Tough nut worth cracking
Jason and Kelly Price, two of the younger members of the Matamata racing community, had a tough decision to make recently, but in the end it was the right one.
Capping a memorable season that has delivered their first feature race win, they finally gave in to market demands and sold their stable star Al Strada for big money to Hong Kong interests.
The strapping chestnut became an obvious target of talent scouts from the time he won on debut at Paeroa in early January. His campaign hit a pothole when he finished last after having no luck in the country’s richest race, the Karaka Million, in late January, but he was back on the radar a month later when he won the Listed Reid & Harrison Slipper on his home track.
That performance gave real value to the horse that had cost Jason and Kelly $22,500 as a Karaka yearling 12 months earlier. That scenario took on greater significance when Al Strada followed up with a third placing to Ruud Awakening and Bounding in the Group 1 Diamond Stakes at Ellerslie and in what was to be his final start in New Zealand, finished second to another outstanding filly, Recite, in the Gr 1 Manawatu Sires’ Produce Stakes.
As a stakes winner and the only horse to be placed in both of the country’s group one juvenile features, Al Strada established himself as the season’s leading male two-year-old. The feelers that had gone out for him early in the piece got harder and harder to resist and in the end, after having already turned down substantial offers, they made the decision to sell.
With stakes of $100,000 and an undeclared sale price of a significantly higher six-figure nature to pocket as well, Jason and Kelly have farewelled their highest achiever to date with resigned reluctance. Anecdotes abound in racing of substantial offers being turned down and subsequently regretted, just as the examples of horses sold for big money failing to justify their price tag are common-place.
The catch with having to make the decision whether to sell is that when the most money is being offered is also the time that the subject is hardest to let go. In Al Strada’s case, what made it even more difficult for Jason and Kelly was that they had developed an understandable attachment to the horse that had given them their first feature race win.
Ironically, in his early days with them he had not exactly endeared himself with some difficult behaviour, but as the saying goes, beauty is in the eyes of the beholder.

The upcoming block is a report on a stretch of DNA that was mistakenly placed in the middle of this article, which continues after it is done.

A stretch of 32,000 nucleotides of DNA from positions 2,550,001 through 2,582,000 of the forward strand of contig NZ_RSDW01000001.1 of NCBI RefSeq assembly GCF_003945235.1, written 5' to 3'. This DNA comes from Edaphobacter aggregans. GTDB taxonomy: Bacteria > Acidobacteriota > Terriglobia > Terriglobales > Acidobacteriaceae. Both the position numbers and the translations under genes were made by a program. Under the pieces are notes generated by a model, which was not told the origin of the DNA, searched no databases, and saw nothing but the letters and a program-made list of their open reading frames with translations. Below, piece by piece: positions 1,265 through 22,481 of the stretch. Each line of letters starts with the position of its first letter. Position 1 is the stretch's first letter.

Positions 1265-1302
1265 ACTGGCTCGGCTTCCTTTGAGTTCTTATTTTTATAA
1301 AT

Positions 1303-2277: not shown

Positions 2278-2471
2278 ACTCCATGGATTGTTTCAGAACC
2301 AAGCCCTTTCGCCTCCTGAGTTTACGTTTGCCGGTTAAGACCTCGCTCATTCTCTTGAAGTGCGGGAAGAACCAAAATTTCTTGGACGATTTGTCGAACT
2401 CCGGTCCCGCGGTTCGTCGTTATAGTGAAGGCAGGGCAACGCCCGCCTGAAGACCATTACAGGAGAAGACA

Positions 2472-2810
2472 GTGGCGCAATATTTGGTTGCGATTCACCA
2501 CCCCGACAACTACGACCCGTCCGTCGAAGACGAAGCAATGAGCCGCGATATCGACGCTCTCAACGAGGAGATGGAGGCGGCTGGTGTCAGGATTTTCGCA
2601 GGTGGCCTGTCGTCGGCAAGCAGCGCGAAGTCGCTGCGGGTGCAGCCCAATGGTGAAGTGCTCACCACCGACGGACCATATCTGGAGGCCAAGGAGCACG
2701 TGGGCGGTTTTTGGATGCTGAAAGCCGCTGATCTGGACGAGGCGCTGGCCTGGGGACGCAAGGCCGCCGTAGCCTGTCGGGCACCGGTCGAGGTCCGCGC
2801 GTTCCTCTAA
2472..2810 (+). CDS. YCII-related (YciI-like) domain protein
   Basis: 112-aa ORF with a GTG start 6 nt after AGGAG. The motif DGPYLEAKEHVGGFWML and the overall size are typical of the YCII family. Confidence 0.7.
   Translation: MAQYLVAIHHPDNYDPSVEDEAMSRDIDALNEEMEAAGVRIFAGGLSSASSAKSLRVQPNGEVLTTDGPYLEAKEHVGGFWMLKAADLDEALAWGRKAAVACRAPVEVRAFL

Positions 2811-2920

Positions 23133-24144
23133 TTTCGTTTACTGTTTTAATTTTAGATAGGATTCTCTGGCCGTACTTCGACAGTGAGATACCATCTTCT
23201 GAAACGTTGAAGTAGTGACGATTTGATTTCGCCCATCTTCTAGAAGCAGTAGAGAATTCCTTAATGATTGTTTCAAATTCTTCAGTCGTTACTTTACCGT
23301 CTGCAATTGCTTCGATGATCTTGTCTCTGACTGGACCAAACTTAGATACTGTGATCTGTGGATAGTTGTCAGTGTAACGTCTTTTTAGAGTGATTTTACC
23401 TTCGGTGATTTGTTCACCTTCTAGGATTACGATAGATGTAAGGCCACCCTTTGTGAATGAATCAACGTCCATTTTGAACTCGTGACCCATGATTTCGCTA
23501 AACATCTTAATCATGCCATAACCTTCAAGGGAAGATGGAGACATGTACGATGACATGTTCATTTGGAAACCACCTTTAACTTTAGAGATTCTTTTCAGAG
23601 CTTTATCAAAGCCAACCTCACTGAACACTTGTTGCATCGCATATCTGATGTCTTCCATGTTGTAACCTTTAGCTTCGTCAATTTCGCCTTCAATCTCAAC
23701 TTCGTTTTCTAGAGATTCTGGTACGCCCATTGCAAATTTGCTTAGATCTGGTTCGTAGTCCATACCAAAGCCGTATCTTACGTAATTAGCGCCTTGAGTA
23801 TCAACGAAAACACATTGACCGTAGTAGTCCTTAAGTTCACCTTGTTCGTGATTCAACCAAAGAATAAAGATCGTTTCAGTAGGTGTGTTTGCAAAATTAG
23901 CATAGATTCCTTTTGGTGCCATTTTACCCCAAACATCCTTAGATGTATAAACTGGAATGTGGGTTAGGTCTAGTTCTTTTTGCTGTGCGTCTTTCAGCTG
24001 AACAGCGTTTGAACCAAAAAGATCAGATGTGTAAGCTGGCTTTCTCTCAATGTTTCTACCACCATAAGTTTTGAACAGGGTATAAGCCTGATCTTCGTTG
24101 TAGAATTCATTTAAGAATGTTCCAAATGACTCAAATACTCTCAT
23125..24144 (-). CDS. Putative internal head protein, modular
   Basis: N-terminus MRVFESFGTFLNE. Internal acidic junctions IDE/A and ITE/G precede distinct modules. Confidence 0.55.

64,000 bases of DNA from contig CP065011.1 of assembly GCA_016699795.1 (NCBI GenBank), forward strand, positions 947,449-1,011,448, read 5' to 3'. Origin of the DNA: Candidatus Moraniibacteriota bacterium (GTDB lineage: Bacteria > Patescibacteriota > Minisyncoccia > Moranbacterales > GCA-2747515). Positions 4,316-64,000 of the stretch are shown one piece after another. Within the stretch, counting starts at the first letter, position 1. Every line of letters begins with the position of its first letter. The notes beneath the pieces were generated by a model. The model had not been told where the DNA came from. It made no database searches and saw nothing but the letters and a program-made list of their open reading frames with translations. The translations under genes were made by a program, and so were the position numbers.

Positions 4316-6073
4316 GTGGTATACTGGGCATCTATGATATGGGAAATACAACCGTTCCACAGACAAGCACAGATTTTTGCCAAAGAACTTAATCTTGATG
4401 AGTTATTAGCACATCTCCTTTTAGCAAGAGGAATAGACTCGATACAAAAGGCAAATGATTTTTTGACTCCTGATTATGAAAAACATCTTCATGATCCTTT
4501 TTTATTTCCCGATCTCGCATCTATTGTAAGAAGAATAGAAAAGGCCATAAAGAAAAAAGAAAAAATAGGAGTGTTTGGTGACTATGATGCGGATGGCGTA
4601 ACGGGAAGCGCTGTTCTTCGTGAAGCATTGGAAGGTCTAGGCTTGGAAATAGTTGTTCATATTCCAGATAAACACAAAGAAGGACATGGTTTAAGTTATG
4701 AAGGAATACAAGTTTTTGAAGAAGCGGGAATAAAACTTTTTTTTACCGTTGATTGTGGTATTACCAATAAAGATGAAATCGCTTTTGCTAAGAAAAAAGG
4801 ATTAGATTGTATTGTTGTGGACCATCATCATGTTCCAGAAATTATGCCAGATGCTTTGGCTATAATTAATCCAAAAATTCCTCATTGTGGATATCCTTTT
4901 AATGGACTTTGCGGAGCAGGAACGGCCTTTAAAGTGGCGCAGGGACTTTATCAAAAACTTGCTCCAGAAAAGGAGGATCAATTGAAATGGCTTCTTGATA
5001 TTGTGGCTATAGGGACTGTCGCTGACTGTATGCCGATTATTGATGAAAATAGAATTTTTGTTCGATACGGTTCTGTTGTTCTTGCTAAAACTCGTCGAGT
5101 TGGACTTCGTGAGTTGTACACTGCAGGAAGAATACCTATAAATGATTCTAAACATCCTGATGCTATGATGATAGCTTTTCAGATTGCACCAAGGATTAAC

‘‘He was a tough nut to begin with and I have to give the credit for sorting him out to Kelly,’’ said Jason.
‘‘After what he’s achieved for us this season he’ll always be a special horse and we had mixed feelings about selling him, but in the end the money got too big to resist. Paying the bills and getting yourself established in this business is not easy, so what we got for him will be a big help in that respect.’’
Jason, who began his career in racing as a stablehand with Mike Moroney, has held a trainer’s licence since 2007. Back then he and his wife were mainly engaged in breaking-in and pre-training work and it wasn’t until the 2009-2010 season that they produced their own results.
The four wins that season were added to by another three in 2010-2011 as well as a third placing by Queen Boudicca in the Gr 2 J Swap Contractors Matamata Breeders’ Stakes.
That filly was by the Brighthill Farm stallion Perfectly Ready, which led them to the source of the colt that was to become Al Strada in their Karaka sale purchases the following year.
As newcomers in a competitive environment, it has been up to Jason and Kelly – with solid support from their respective parents and family members – to make much of their own luck rather than rely on outside clients to supply them with likely racing material.
As well as Al Strada and Queen Boudicca, horses sourced at Karaka also include the promising stayer Juggernaut Rock, who they race in partnership with Jason’s father, Alan, and Kelly’s father, Rob Hall. Back in March the big gelding finished second in the New Zealand St Leger, only to pull up with what initially looked like serious lameness in a foreleg.
The good news is that he recovered quickly from what turned out to be a knock to a nerve or something similar, and he will be back next season in the hope of competing in staying features.
The biggest challenge now facing Jason and Kelly is to find a replacement for the horse they have farewelled to Hong Kong. ‘‘That’s the hardest part, finding one as good,’’ Jason concedes. ‘‘Still, we bought some more at Karaka this year so at least we’re giving ourselves a chance.’’
Hong Kong-bound: Al Strada, pictured with his former owners Jason and Kelly Price and regular jockey Reese Jones, before his Reid & Harrison Slipper win at Matamata in February.